Have A Nice Day

In the mid-19th century, the English botanist Anna Atkins used cyanotype photo printing to create albums of seaweed and other dried algae. Considering the breadth of ocean plant life that she documented from English shorelines, I asked what we can readily find along the coast and in our cities today that conveys the 21st century environment. Have A Nice Day (2020) is a series of cyanotypes that lays bare the plastic bags we encounter every day, along with the messaging they carry.

“This Bag Is Recyclable.”
“Please Return To A Participating Store For Recycling.”
“This bag is made from at least 20% recycled material.”
Touching on our consumer guilt for sending more plastic to the landfill, these phrases tell us what we want to hear; that there is a way out of this resource-intensive cycle if we simply recycle our bags. From a certain light, this marketing is ingenious. It moves the responsibility for today's unfathomable quantity of plastic bags from the large corporations that produce them to us, the people who consume them. But it is the companies who steer global supply chains, with their multi-billion dollar buying power and massive manufacturing operations that must be held accountable to radically change their ways in the face of the climate crisis.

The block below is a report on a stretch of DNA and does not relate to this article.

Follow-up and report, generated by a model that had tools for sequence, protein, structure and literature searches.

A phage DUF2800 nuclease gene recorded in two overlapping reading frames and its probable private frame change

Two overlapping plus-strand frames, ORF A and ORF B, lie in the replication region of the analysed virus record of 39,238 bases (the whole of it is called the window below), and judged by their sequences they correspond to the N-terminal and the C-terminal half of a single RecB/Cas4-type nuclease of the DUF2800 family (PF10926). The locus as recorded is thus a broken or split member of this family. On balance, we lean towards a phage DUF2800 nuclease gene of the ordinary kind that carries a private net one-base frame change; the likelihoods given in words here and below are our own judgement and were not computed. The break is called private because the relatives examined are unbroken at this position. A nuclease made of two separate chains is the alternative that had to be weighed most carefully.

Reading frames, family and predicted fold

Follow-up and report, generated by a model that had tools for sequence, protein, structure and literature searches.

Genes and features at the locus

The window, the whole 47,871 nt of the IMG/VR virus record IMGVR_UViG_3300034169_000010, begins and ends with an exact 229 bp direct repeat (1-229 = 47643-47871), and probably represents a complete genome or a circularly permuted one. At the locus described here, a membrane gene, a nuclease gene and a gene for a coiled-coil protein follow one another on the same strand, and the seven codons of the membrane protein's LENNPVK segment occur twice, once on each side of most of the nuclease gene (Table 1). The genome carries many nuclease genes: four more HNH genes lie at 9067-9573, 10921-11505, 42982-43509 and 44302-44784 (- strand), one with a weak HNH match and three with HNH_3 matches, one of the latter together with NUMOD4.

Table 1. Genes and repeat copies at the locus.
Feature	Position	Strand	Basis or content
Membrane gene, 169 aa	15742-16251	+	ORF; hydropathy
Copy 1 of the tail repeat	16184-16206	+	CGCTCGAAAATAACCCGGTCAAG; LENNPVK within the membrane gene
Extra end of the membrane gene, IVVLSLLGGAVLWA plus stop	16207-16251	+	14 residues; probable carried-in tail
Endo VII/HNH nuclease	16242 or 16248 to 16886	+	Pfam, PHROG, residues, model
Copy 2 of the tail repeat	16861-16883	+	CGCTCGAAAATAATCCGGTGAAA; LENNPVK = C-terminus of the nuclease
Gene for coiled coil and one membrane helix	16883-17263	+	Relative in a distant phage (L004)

Have A Nice Day is printed on handmade papers of kozo and gampi fibers from the oldest of Japanese papermaking traditions. Cyanotype is an archival photographic process which uses sensitized paper and UV light to develop a photo negative in water, creating a deep cyan-blue image. The materials and colors of these prints create a connection to plant-based production and the ocean waters that early scientists explored, while featuring contemporary messaging which charges the consumer with the proper disposal of the modern engineering marvel, the common plastic bag.

Have A Nice Day: Recyle This Bag
22.5 x 30.5 inches
Cyanotype on handmade paper of kozo and gampi fibers


Harvard Staff Art Show, Countway Library (Boston, MA)
Inspiring Change for the Climate Crisis
, CAA @ Canal: Cambridge Art Association (Cambridge, MA), curated by Adriana G. Prat for i3C Artists
Inspiring Change for the Climate Crisis
, Brickbottom Gallery: Brickbottom Artists Association (Somerville, MA), curated by Adriana G. Prat for i3C Artists